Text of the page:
Hydrosols vs. Essential Oils One really important thing to note is that hydrosols are not necessarily direct replacements for their essential oil counterparts. Remember that they are comprised of the water-soluble components of the plant material, and essential oils are not. There may be some application crossovers, but you will want to be sure before assuming!
How to Source Quality Hydrosols
You may find different aqueous substances on the market referred to as “hydrosols,” so you want to make sure you know what you are looking at before purchasing. As a rule, you don’t want to be purchasing them from store shelves. These substances are easily prone to contamination, so it is best to avoid anything that is not kept in a refrigerated environment or that has been put in a position where it could have potentially been tampered with. Hydrosols for therapeutic use should be unpreserved, so you absolutely do not want to risk the introduction of any outside nasties to the water.
Some of what you find labeled as hydrosol on store shelves may actually even be an emulsion of water and essential oil. Such products will contain the water, essential oil (or even fragrance oil), a surfactant, and preservatives. It is in no way, shape, nor form actual hydrosol, and you want to avoid this.
Avoid it even more if you are considering any internal applications. If you are at all familiar with true hydrosols, these store-shelf fakes will smell noticeably “off” and be more reminiscent of conventional body products than the fresh, complex nature of a real hydrosol.
Hydrosols will always be distilled with the real deal being distilled for the sake of the hydrosol rather than simply being a byproduct of essential oil distillation. It may be easier to find the distillation byproduct, but you will benefit from obtaining the distillate that has been made with fresh plant matter, a quality water source, and have no additional materials added to them.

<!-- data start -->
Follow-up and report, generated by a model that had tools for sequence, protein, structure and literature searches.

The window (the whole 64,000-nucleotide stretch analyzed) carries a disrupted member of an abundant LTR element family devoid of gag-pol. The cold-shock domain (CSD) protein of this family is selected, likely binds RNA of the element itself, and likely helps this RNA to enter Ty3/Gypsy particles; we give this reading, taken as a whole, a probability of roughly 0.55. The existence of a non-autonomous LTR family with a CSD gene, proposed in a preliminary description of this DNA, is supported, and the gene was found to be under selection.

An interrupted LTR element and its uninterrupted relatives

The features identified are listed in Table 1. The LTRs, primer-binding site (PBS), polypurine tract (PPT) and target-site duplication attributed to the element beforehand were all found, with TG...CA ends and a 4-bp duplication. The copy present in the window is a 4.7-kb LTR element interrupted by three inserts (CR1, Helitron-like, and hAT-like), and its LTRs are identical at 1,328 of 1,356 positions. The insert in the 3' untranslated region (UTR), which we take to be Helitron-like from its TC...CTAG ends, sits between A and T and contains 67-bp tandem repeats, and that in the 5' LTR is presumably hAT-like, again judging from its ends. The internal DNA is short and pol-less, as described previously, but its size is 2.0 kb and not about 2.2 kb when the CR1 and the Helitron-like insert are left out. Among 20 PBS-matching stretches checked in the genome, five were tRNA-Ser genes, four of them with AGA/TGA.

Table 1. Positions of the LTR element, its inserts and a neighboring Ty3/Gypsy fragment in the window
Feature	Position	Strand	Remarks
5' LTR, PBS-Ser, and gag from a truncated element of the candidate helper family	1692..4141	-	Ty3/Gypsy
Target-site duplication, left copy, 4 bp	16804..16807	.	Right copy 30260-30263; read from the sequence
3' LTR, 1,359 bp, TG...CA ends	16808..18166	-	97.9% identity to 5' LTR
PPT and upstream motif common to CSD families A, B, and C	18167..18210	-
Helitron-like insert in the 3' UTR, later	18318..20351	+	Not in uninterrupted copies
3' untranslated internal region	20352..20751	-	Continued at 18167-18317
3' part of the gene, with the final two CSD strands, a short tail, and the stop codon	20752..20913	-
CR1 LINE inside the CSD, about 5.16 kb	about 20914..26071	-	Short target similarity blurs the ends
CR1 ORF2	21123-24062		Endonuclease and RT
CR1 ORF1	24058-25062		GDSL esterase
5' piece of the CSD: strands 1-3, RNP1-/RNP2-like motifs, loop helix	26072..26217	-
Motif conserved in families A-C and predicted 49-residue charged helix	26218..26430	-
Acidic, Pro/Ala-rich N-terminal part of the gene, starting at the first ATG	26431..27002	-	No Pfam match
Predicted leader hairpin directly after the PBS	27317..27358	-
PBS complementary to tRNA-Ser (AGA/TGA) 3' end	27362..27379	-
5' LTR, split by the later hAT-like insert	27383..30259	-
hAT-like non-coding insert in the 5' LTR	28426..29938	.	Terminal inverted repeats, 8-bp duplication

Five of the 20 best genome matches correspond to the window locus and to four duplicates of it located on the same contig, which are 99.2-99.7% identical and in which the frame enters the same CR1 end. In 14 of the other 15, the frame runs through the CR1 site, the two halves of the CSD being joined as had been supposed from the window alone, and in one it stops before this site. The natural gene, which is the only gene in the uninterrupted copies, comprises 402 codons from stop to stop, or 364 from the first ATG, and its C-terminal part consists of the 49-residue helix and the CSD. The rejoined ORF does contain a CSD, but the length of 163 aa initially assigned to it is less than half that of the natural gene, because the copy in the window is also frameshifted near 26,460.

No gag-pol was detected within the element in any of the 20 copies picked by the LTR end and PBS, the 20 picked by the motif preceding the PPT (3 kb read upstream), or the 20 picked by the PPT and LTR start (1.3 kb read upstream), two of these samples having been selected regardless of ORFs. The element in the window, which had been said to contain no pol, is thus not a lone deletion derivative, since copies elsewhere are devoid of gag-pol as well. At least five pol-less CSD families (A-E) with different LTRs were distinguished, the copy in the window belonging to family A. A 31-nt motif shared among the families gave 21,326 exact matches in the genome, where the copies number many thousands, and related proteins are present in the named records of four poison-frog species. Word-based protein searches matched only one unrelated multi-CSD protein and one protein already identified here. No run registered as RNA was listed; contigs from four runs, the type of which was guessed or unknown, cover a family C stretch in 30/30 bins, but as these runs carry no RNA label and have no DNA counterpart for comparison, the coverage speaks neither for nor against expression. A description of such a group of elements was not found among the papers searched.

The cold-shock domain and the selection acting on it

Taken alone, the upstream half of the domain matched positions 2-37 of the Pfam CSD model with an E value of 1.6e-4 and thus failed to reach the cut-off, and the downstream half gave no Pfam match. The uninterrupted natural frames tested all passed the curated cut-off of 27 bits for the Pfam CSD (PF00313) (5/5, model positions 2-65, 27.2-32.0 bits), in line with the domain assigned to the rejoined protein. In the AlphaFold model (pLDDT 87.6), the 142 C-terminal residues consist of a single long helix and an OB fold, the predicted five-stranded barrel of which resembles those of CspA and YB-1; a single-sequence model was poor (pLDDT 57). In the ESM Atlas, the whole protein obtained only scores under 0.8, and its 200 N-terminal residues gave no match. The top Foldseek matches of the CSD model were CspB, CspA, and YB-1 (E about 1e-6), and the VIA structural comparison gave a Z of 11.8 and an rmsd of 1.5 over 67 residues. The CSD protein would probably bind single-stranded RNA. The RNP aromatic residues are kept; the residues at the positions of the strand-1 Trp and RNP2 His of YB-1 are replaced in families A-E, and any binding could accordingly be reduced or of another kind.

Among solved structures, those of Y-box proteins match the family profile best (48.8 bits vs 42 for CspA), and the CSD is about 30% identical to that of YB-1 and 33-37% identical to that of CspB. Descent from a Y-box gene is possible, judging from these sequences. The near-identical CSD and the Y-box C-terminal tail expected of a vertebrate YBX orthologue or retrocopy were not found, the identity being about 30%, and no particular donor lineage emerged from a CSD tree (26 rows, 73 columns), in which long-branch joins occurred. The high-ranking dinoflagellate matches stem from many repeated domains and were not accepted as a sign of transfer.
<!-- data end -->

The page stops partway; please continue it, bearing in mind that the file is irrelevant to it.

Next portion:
How the plant is distilled can be what makes or breaks the quality of what you find to use with yourself and your family. Just as when you are buying your essential oils, don’t be afraid to be picky about where you source from!
How to Care for Hydrosols
Hydrosols belong in the fridge. Keep them in bottles that have been appropriately sterilized and select tightly closed containers that you open as little as possible to reduce exposure to microbes. It’s important to even reduce the air exposure they get. This makes spray top bottles or flip top bottles good options to store them in.
It’s ideal as well to keep hydrosols in clear containers rather than the colored options typically used for essential oils. Bloom (or unsightly microbial growth) is something that must be watched for frequently and carefully. It will be much harder to do so if you are trying to see particulate matter through colored containers meant to help reduce light exposure.
Hydrosols will typically last 1-2 years if distilled under the appropriate conditions and cared for well. Where each hydrosol falls in that range will depend on things such the individual hydrosol, the pH of the hydrosol, storage conditions, and cleanliness. Changes to the pH of the hydrosol can actually be a sign that it is starting to go off. You can get pH testing strips to help you keep track of changes.
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What are Hydrosols Uses?
Using hydrosols can hugely increase your ability to decrease the amount of synthetic chemicals you are exposed to on a daily basis. Hydrosols added to DIY preparations will limit the shelf life of that DIY product, and you should treat the shelf life of such things like you would if it was water added. Keep things in cold storage and make just enough to last a week.
Toner: Add ½ oz frankincense hydrosol, ½ oz lemon hydrosol, and 1 oz of distilled water to a 2 oz flip top bottle. Add to a cotton pad and swipe over face morning and night for a refreshing facial toner.
Summer Cooling Mist: Spritz peppermint hydrosol over your face and arms after a day of working in the yard or as a part of your cool-down after exercising.
Relaxing Foot Bath: Add 2-4 tablespoons of lavender or neroli hydrosol (or a blend of the two!) to a basin of warm water to soak your feet in after a long day.